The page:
“The bread category is as simple as it is complex,” says Marge O’Brien, senior global market insights manager, Corbion, Lenexa, KS. “As we have seen with the various diet trends over the years, consumers love bread, but struggle with carbs, resulting in a love-hate relationship.” She notes company research has found that heavy bread users skew toward experimentation and look for new and interesting products. “However, as new products emerge, the one constant from consumers is the demand for high quality and fresh product,” she adds. “These two attributes are just the tip of the iceberg, and companies that are successful are those that dive down to understand what quality and freshness mean to their consumers.” She notes that enzyme blends designed to give extended shelf life, increased bread strength and resiliency, and excellent eating qualities can help meet this demand in new products.

Another product characteristic more shoppers align with quality is a clean label. The decision by Flowers Foods to reformulate its category-leading Nature’s Own bread brand stands as an unequivocal clarion call that clean label is the new normal for the bread category.

Eric Riggle, vice president, Rademaker USA, Hudson, OH, notes that in addition to clean label, he’s seeing more artisan breads trend-forward, products that require longer prefermentation time than traditional products, along with a higher absorption level. “These are challenging doughs to process due to the combination of the prefermentation, higher absorption and clean label,” he says, noting that bakers cannot stress these doughs or punish them with conventional bread equipment. “The trend will continue toward these higher-quality breads. Artisan will continue to be automated and industrialized to provide this high-quality bread on a nationwide scale versus regionally.”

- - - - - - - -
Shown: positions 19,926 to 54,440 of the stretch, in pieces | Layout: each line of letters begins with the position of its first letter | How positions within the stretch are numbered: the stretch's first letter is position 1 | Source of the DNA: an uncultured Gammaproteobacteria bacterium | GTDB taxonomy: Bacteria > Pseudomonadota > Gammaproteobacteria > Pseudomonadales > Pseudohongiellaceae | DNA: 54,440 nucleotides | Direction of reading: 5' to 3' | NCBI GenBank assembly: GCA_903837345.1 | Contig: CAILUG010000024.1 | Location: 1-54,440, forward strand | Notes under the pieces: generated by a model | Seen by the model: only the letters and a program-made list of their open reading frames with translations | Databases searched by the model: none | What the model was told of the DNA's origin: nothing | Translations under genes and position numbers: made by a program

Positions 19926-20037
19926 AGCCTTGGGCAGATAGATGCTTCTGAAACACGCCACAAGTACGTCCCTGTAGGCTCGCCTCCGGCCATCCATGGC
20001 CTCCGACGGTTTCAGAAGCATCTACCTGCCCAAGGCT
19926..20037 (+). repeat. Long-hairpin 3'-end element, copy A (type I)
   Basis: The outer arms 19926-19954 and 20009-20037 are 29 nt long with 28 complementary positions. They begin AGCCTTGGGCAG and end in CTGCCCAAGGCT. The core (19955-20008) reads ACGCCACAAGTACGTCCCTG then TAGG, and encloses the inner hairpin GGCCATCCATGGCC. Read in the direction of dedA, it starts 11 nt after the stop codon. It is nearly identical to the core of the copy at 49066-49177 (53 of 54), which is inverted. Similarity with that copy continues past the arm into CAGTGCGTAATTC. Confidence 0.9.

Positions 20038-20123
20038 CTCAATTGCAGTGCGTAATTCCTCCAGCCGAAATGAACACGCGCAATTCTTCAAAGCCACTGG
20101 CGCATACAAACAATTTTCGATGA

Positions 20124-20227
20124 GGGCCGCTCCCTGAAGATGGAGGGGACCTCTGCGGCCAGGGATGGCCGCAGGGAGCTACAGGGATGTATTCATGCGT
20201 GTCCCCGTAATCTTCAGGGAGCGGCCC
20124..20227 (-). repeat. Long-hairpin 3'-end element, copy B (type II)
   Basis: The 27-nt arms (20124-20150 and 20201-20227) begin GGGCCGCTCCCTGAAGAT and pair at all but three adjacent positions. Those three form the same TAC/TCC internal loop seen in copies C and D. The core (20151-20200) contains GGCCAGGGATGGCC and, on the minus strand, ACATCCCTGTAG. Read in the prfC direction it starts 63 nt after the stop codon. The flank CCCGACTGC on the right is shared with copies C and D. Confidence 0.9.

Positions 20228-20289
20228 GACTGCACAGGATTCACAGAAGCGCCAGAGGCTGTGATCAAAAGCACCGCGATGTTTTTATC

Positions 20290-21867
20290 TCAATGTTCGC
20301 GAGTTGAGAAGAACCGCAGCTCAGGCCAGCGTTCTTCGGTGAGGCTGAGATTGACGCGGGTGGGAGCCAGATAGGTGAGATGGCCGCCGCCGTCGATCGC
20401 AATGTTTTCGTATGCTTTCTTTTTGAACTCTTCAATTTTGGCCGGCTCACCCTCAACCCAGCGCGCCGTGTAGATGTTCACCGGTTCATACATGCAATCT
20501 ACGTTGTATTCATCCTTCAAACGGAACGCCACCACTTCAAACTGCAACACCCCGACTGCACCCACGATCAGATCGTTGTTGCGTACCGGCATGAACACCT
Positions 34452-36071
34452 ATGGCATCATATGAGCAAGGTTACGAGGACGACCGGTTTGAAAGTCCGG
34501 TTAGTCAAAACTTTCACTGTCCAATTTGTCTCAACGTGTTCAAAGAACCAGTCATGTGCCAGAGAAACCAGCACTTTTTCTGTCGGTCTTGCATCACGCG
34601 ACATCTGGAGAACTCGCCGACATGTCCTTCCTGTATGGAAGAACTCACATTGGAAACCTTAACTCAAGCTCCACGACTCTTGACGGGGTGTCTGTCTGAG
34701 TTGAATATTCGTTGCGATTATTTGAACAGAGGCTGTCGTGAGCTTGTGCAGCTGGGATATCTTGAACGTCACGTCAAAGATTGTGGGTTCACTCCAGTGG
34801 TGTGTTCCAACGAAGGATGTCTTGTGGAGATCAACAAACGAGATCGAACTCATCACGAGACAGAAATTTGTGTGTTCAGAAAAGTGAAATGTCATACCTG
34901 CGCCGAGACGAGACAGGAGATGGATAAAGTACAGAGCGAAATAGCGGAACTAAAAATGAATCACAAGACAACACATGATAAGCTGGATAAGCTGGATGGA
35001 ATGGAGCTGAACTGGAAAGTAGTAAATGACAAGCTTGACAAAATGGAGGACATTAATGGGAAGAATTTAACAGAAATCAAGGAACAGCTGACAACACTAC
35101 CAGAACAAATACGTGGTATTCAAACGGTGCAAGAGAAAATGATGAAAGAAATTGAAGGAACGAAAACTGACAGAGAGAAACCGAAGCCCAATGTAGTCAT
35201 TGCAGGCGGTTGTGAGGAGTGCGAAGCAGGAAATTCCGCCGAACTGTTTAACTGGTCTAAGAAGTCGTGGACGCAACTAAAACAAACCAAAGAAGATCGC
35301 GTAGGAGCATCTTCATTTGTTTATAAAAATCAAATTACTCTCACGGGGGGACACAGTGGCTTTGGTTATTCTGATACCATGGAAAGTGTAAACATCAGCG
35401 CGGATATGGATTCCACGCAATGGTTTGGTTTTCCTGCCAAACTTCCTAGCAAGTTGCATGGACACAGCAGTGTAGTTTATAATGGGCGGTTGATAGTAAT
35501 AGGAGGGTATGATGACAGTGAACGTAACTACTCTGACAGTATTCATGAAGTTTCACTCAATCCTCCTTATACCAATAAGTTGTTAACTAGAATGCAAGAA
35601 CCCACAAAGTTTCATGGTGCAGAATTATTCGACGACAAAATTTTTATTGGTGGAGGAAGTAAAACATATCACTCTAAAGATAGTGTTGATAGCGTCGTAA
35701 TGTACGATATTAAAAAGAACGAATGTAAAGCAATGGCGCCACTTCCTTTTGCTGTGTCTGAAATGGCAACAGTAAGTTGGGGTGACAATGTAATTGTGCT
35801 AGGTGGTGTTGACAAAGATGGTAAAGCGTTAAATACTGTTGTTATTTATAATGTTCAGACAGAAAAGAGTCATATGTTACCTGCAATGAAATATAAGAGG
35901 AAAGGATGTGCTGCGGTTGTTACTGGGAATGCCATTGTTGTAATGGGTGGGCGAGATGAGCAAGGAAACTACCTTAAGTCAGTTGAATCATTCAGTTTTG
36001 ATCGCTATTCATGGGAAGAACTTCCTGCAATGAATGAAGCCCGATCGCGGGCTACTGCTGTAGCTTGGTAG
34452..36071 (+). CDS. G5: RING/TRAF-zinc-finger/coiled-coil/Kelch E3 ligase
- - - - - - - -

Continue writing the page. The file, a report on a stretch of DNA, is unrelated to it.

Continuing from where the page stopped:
Bakers can produce higher-absorption doughs with low-stress sheeting systems, notes Riggle, suggesting them for ciabatta, baguettes, bâtards, boules, focaccia and barra rustica.

Julia Kneidinger, marketing, Koenig Maschinen GmbH, Graz, Austria, points to “artisanal, high-quality bread products” as a prevailing trend in bread today. She also suggests “lifestyle bread—e.g., protein bread and breads with vegetables” will continue to see increasing demand, along with gluten-free, whole-grain and rye breads.

As bakeries consider adding new equipment, Kneidinger suggests they take the need for weight accuracy and hygienic design into consideration, all with a nod to automation. “There are less skilled workers in bakeries,” she says. “Therefore, there’s higher demand for automatic bread lines.”

Larry Gore, director, sales and marketing, AMF Bakery Systems, Richmond, VA, notes that bakeries are often building in more production flexibility via hybrid lines that can produce loaf breads on conventional production lines, but can also switch to integrated sheeting for an entirely different group of products, such as baguettes.

 While tradition will likely continue to maintain strong appeal across the breads segment, those favorites will likely see cleaner labels and increased competition as artisan and other specialty product areas continue to gain a foothold. 

State of the Industry: Bakery Report
Overview | Bread | Tortillas | Sweet Goods | Snack Cakes | Pizza | Desserts | Cookies | Buns & Rolls | Bars